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In this age of fake news, perhaps I need to re-evaluate my feelings about lies. I hate them. I have a thing about lying, cheating and everything else to do with falsehood.
And I know we are not supposed to use the L word, but I do. Something that’s dishonestly made up is a lie. I know that’s not therapeutic, but, like I said, I have a thing about it. How can I be therapeutic for something I need therapy about?
Enough of me. This is actually about my otherwise delightful son, who is very much into lies.
I took The Great Behaviour Breakdown course to manage his behaviour. Tell him you know how angry he is, they said in the classroom.
Jump up and down with him when he’s angry, they said.
Try to get him spinning, they said. It regulates the vestibular system in his brain.
I jumped. I spun. I shouted.
“I would be so angry too,” I shouted. And my son screamed at me, so high and shrill and then he hit me harder and opened his jaws as if to bite. It made it worse.
At half term, I decided to put one of my kids in clubs while the other had 1:1 time with me. The elder went first and all was well, as I had expected. After a day away from his brother, with whom he is locked in war, he felt nourished, attended to, happy. I had been able to let him make more choices than usual and he really rose to that.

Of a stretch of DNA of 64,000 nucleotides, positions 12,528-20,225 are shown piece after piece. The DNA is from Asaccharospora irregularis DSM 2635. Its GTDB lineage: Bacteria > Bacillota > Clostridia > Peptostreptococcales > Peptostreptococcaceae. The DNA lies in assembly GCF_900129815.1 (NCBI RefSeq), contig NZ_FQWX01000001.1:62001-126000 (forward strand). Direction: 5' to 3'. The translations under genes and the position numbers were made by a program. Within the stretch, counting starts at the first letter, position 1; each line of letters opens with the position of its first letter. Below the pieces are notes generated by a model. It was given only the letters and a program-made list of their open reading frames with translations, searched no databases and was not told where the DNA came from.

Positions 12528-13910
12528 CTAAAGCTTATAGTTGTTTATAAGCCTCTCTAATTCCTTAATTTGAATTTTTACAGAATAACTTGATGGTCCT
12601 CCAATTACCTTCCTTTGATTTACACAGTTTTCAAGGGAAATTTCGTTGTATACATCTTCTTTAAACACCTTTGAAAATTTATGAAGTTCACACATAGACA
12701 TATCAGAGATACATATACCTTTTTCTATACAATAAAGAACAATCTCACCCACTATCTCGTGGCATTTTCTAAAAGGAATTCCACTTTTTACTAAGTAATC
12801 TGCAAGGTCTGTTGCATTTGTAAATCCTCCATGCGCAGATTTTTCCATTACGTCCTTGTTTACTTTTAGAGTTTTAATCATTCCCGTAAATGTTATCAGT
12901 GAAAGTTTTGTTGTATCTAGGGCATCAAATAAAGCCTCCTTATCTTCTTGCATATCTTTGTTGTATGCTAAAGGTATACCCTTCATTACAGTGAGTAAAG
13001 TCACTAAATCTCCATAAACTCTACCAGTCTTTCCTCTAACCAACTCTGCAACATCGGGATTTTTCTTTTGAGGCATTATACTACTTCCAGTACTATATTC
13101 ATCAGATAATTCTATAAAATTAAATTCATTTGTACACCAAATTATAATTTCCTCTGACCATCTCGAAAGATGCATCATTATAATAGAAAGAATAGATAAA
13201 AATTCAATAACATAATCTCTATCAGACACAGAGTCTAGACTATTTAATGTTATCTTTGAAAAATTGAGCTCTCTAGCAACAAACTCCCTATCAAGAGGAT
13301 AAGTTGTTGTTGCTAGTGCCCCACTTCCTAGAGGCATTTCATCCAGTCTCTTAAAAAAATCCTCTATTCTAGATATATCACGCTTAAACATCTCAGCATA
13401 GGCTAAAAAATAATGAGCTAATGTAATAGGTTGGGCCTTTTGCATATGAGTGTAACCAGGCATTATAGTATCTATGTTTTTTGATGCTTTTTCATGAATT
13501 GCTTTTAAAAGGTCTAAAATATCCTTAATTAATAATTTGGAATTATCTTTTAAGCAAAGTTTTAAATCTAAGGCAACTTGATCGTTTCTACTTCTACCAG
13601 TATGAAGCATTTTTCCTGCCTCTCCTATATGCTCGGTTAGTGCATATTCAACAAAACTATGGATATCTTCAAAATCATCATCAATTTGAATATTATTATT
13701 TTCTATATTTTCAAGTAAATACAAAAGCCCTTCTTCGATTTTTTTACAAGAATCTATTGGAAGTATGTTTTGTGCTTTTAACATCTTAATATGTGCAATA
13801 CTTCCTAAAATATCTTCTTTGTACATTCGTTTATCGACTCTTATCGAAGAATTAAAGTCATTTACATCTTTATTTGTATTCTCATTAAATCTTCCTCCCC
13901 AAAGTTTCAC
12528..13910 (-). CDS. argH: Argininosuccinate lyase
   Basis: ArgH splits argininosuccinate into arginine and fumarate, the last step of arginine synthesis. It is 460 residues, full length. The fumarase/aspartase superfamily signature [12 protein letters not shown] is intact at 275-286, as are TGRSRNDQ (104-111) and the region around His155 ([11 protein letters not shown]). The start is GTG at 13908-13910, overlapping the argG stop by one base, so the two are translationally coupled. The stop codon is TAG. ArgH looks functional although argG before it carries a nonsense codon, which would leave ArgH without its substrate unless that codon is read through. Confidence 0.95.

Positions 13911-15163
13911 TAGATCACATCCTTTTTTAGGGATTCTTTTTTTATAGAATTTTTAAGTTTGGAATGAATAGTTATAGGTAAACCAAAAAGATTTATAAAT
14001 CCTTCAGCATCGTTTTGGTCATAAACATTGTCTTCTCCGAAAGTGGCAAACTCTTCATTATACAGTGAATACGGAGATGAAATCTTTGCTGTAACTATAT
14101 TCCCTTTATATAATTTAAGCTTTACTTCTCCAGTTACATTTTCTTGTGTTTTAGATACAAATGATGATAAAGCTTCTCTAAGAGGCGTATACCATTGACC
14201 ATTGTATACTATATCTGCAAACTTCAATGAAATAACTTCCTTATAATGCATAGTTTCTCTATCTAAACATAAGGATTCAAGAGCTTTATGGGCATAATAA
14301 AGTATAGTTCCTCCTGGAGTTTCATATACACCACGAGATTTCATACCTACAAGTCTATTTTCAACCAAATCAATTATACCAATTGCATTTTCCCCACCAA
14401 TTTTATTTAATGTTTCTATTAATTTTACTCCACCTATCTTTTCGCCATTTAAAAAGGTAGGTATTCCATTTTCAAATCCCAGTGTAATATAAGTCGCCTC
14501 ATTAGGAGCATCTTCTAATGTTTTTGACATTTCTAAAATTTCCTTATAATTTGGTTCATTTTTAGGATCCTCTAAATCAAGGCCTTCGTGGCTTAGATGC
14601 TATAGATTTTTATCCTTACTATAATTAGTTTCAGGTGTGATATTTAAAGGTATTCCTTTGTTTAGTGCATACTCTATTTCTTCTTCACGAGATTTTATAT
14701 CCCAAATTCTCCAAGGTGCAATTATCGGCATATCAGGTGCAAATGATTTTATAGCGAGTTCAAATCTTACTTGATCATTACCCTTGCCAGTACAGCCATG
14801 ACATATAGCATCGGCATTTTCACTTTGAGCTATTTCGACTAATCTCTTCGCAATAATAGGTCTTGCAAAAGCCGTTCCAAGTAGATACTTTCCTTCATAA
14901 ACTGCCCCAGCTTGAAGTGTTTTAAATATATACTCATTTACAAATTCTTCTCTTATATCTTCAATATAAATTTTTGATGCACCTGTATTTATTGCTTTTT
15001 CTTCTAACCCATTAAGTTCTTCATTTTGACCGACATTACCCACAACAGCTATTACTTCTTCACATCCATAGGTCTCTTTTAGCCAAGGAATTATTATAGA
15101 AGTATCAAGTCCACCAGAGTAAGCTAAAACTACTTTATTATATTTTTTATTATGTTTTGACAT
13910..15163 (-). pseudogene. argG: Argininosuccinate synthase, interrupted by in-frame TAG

The youngest, however, presented me with a very different day out.
I am in a really privileged position. Pre-adoption, I made it my mission to travel as much as possible and when I adopted I understood that this part of my life would end. But, surprise surprise, my six year-old came to me with a desire to travel and begging for a passport.
Adopters seem to me to be a particularly squeezed segment of the squeezed generation. Often older parents, they soon care not only for their new child(ren) but also their ailing and aging parents. I’ve been observing this from a safe distance. Marvelling at the resilience and strength of these adopters.
These are words that I’m sure we’ve all heard many times from well-meaning friends and family. We know they’re trying to reassure, to be kind and that, really, they mean, “Don’t worry, you've got this, you’re doing a good job.” But that’s often not how the words are heard. For me, I always hear them as, “Don’t make such a fuss; you’re over thinking things; the problem must be you, if you’re finding this so hard.”
My mother lived to just 62, far too young of course and her death seemed illogical and unjust at the time. However, just how young she was is only now starting to sink in - more than 16 years later.
I'm 55 this year, just 7 years younger than she was when she died.
7 years! It will fly by...